Broken bones often cause intense pain and render people unable to work, causing them to suffer lost earnings. In many instances in which a person fractures a bone at work, however, the person can recover workers’ compensation benefits that not only help the person recuperate from his or her injury but also replace a portion of the income that the person lost due to the injury. If you sustained a fracture in a work-related incident, the New Jersey work injury lawyers at The Law Offices of Jonathan F. Marshall can assist you in pursuing any benefits that you may be eligible to receive.Types and Causes of Workplace Fractures
There are numerous types of broken bones, which range in severity. For example, compound fractures, when the bone splits and a portion of the bone breaks through the skin, are typically viewed as the most severe type of fracture, and they often require a surgical procedure known as an open reduction and internal fixation. Conversely, stress fractures, which are small cracks in a bone caused by repeated or excessive force, typically cause pain that worsens with activity and subsides with rest, and they often go undiagnosed for some time after they occur.
People who have jobs that require heavy lifting or repetitive motions, such as nurses and other health care workers, people who work in warehouses, and construction workers, are at a higher risk for stress fractures than other workers. Construction workers are more prone to other kinds of fractures as well, since construction accidents often involve heavy equipment or machinery or large materials that create sufficient force to break bones. Broken bones are also often caused by slip or trip and fall accidents, which can occur in any industry, and motor vehicle collisions, which occur more frequently in jobs that require driving.Benefits Available to Employees Who Suffer Work-Related Fractures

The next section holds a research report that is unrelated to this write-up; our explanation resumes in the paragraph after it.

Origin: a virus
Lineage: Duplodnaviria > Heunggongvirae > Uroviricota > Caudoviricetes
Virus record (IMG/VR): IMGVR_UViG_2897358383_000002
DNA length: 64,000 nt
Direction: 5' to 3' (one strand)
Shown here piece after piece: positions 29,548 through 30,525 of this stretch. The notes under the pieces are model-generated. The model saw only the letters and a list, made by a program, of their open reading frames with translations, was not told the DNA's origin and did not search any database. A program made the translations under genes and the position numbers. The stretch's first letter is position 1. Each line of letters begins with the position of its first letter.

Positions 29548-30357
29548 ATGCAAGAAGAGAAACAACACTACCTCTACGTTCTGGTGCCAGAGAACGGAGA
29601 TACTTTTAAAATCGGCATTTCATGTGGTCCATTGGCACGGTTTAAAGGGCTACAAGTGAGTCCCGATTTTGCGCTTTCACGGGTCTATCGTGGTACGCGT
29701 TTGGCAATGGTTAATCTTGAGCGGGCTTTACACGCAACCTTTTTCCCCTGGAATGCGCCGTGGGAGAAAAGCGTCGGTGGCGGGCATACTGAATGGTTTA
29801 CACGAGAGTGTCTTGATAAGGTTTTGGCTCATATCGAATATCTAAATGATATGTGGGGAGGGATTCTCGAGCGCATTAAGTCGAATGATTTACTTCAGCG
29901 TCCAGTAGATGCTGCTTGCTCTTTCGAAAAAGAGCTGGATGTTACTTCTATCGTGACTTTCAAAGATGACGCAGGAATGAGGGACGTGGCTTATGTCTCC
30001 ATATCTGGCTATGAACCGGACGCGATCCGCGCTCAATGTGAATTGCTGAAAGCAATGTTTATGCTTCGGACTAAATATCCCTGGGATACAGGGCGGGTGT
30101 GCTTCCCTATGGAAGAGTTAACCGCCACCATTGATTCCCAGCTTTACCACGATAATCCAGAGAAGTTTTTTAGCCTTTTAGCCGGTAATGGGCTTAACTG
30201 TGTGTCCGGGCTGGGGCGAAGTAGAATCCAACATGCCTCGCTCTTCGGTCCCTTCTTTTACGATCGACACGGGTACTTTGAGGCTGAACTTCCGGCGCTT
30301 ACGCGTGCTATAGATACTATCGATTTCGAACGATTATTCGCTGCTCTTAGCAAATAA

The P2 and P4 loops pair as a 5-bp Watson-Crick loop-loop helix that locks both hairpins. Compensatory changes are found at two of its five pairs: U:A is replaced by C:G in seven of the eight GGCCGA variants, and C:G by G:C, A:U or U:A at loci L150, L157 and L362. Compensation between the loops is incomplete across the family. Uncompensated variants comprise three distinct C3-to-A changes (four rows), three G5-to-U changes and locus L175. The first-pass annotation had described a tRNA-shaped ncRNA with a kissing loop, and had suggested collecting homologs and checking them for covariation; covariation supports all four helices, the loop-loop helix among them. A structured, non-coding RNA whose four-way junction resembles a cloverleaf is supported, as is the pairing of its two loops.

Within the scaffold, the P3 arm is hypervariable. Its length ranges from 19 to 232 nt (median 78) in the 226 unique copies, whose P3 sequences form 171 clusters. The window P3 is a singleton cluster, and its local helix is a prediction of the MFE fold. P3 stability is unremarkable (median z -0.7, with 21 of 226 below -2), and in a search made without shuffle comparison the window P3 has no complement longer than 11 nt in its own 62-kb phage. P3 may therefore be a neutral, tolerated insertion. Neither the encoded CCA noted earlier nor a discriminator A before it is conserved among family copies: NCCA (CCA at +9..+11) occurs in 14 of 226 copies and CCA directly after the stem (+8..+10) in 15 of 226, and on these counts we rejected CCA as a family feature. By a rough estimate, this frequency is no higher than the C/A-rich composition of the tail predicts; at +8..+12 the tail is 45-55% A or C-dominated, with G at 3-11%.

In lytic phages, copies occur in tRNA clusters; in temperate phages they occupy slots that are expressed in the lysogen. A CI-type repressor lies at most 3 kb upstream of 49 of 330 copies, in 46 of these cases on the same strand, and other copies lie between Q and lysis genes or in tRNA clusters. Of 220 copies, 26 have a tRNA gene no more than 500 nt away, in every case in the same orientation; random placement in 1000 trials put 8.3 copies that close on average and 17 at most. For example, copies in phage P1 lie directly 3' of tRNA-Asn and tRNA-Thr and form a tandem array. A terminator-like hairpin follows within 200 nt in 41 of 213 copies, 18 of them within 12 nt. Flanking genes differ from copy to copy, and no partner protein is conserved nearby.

If a person suffers a fracture, he or she may be eligible to recover workers’ compensation benefits if he or she is an employee, and the fracture occurred within the scope and course of the person’s employment. While in some instances, such as when a fracture is caused by an accident in the workplace, the fracture is obviously work-related, in other instances, such as when an employee sustains a stress fracture, his or her employer may dispute whether the fracture is work-related.
If a fracture is deemed work-related, a New Jersey employee may be eligible to receive medical benefits as well as income benefits. Medical benefits include any treatment that is both necessary and reasonable to treat the fracture and can include hospitalization, surgery, and physical therapy. While the employer must provide the employee with medical treatment, the employer has the right to choose the treating physician in most cases, unless there is an emergency or the employer refuses to provide treatment.
If an employee cannot work due to a fracture, he or she may be awarded disability benefits as well. Temporary total disability benefits are paid to employees who are unable to work for a minimum of seven days, at a rate of 70% of the employee’s weekly wage, within specified limits. Temporary disability benefits are generally paid until the employee reaches maximum medical improvement or until he or she returns to work. If the employee remains disabled, however, he or she may be eligible to receive permanent total or partial disability benefits.Speak with a Capable Workers’ Compensation Lawyer in New Jersey
If you suffered a work-related fracture, it is advisable to speak with an attorney experienced in handling workers’ compensation matters to discuss which benefits you may be able to recover. The dedicated attorneys at The Law Offices of Jonathan F. Marshall have the skills and experience needed to assist you in seeking any benefits that you may be owed. We have three offices in Freehold, Toms River, and New Brunswick, and we represent employees in workers’ compensation claims in Atlantic, Bergen, Burlington, Camden, Essex, Hudson, Mercer, Middlesex, Monmouth, Ocean, Passaic, Somerset, and Union Counties. We can be contacted online or at (800) 999-0897 to schedule a case evaluation.